Failure, Betrayal & Setbacks—Sometimes the Only Way Out is THROUGH

Kristen Lamb, one of my all time favorite bloggers and writers informs us about Failure, Betrayal & Setbacks. Thank you very much Kristen.

Kristen Lamb's Blog

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Setbacks. We all have them and, strangely, they like to cluster together and dog pile us at once. The trick to setbacks is to adjust our perspective of what happened and use them to to make us stronger, wiser and grittier.

You might not believe me, but instant success is not always good for us. There is something about the process of learning and doing and failing and starting again and again even when we want to give up that is healthy. In fact it is vital for any kind of long-term achievement.

I know because I’ve encountered my share of people who were promoted too soon, beyond the scope of their abilities and far past the strength of their character. And it ended badly every…single…time.

Growth is a Process

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All human growth is a process. It has steps. We skip steps at our own peril. Everything we are doing…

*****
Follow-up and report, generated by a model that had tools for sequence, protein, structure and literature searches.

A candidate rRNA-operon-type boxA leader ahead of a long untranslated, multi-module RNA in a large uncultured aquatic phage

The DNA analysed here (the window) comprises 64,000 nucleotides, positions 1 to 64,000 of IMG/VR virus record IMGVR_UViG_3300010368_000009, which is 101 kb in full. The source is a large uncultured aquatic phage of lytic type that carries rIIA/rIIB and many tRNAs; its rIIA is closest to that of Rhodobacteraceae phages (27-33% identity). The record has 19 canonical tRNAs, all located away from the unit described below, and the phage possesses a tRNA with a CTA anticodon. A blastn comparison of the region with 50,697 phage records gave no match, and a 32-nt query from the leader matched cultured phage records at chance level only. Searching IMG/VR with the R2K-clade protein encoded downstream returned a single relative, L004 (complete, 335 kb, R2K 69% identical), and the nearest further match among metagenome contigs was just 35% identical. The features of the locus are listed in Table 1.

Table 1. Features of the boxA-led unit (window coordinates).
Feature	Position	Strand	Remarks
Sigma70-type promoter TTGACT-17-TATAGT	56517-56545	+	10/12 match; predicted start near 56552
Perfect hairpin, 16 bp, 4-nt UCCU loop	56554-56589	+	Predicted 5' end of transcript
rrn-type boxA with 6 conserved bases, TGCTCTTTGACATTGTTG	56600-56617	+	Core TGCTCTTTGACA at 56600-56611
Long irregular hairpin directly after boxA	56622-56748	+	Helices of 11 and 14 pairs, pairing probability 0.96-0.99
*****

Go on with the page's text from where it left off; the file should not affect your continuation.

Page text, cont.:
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How do I communicate with people coming to my Facebook event?

Liz Dexter from libroediting.com provided us with an extraordinary article on how to communicate with people coming to my facebook event. What a gem. Thank you, Liz!

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LibroEditing proofreading, editing, transcription, localisation

This article follows on from How Do I Create A Facebook Event? and you should read that one first if you’re starting out on the process. Today we’re talking about how to communicate to the guests who are attending your Facebook event.

How can I get in touch with people attending my Facebook event?

There are two ways to do this: add a post to the event, or message attendees.

Adding a post to the event